It is an exciting time when a studio opens multiple locations. You are able to reach more students, create a larger brand and figure out what works and what doesn’t for your business.
However, in launching multiple studios it can become easy to make them mimic the first location. It was a success so why shouldn’t the others be exactly like it? This doesn’t always hold true though. Each location will come with a unique market, and your brand presence should be catering to it.
Dustin Towery, the director of marketing at Yoga Six, with 12 locations across the United States, explained sometimes studios need to take on a voice of their own to better represent the community they are a part of.
“We have our cohesive brand in terms of visuals and the language that we use for our brand personality,” said Towery. “But what we really focus on at the studio level is amplifying the personality of the space. That’s where that human connection comes in. When students can connect with the personality of the teacher or owner it really aligns well in every aspect.”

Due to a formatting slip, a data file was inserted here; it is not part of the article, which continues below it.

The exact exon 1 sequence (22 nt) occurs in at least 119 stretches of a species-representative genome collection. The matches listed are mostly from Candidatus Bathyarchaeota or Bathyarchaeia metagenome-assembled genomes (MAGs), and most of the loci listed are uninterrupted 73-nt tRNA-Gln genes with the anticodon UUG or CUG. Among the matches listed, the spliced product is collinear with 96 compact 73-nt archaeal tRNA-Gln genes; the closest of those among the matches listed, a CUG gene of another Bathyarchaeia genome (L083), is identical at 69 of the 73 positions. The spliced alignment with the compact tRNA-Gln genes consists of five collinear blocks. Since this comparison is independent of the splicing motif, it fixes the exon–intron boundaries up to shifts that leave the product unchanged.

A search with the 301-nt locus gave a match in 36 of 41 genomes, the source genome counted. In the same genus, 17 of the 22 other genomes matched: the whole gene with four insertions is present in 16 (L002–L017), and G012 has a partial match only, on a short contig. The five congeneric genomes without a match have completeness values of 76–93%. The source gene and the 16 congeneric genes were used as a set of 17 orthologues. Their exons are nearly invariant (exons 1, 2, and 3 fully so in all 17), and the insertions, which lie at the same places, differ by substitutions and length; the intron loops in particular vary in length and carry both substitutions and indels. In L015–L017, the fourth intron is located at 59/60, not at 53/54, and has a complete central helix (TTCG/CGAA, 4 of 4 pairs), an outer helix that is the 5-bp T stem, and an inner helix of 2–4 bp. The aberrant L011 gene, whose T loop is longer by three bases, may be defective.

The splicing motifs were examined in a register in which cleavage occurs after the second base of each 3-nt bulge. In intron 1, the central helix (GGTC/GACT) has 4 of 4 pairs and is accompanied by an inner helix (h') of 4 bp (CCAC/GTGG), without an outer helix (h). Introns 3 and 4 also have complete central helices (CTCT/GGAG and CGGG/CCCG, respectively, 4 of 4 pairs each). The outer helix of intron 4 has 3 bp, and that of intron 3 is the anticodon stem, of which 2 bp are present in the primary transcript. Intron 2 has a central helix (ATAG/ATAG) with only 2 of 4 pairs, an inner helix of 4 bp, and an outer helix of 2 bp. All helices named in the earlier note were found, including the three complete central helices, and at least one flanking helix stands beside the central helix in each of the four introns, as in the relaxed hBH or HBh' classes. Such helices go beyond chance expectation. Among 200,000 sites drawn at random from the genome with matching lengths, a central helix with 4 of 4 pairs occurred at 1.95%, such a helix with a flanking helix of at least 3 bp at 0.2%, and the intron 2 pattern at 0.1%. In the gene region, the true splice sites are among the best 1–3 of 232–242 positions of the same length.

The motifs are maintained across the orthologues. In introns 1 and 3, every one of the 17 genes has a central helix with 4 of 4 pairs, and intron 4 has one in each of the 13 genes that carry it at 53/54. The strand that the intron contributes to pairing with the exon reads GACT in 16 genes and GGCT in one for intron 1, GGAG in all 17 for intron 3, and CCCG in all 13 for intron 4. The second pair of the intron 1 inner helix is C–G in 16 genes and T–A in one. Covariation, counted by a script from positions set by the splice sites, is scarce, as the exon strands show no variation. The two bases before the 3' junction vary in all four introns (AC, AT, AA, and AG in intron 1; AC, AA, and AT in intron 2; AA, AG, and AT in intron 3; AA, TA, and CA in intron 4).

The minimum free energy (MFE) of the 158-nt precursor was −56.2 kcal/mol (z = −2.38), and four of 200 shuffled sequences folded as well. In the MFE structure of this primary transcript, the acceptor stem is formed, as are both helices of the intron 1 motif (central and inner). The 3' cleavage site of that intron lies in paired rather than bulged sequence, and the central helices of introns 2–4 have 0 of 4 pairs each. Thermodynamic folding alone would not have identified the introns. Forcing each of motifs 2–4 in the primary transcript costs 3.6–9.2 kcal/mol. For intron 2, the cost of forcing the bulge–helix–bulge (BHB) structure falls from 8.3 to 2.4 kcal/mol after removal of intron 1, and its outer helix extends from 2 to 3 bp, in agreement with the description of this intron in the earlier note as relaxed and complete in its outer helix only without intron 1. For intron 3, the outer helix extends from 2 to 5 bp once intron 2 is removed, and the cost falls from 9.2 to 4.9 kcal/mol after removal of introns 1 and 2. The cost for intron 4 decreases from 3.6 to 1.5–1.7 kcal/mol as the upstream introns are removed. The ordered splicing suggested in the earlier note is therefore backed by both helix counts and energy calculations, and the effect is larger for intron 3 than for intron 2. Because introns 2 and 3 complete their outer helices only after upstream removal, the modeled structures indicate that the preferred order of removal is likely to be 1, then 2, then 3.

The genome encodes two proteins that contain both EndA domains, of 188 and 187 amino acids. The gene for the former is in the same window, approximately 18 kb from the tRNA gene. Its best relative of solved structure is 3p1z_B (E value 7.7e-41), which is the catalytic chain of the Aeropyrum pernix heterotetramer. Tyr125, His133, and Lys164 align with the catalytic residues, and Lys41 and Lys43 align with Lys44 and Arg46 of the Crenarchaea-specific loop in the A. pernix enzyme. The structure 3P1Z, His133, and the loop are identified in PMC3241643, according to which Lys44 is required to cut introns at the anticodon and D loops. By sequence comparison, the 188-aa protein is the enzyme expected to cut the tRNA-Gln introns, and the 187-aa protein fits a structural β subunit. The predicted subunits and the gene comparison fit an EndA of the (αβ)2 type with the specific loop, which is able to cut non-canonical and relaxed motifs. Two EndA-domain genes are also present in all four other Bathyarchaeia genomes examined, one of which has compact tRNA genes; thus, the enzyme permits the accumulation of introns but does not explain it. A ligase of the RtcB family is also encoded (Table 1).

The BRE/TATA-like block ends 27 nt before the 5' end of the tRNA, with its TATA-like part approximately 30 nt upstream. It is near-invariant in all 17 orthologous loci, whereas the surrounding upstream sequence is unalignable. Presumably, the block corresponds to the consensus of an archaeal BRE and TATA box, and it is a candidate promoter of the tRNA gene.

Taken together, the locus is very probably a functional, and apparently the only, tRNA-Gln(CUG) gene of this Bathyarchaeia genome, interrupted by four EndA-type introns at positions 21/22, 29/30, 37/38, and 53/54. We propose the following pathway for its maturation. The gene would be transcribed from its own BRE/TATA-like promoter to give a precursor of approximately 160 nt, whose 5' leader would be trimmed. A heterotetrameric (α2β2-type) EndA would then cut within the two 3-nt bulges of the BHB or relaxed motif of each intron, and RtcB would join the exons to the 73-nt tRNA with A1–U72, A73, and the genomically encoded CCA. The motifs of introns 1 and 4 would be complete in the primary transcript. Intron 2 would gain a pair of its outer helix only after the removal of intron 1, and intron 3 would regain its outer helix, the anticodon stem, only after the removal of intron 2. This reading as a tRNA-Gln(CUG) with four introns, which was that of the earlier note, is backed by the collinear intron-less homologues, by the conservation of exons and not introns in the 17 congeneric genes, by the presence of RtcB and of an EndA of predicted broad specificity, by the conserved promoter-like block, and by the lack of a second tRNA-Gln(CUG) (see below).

For instance, Towery explained the studio in Point Loma is very upscale and high-end versus the Carlsbad location, which matches the personality of the manager who is involved in local road-running clubs, full of high energy. Playing off the personality of the managers and the communities each location resides in has become a staple for the brand.
Yoga Six also allows the teachers to have their own voice and create classes around their personal brands. The company doesn’t force an instructor to fit a mold; they just aim to find the best instructor for each open slot.
“One of our teachers at the Point Loma location is a physical therapist,” said Towery. “If you look at one of our Chicago studios, a teacher comes from a personal training background. We are 100 percent rooted in yoga, but a lot of our teachers have such a diverse background that we want them to be able to bring that to the classroom.”
It all comes down to creating unique voices for Yoga Six, whether it be at the studio or class level. The 12 studios each work to create a personal brand specific to the surrounding community and managers, along with their desire to create classes specific to the instructors.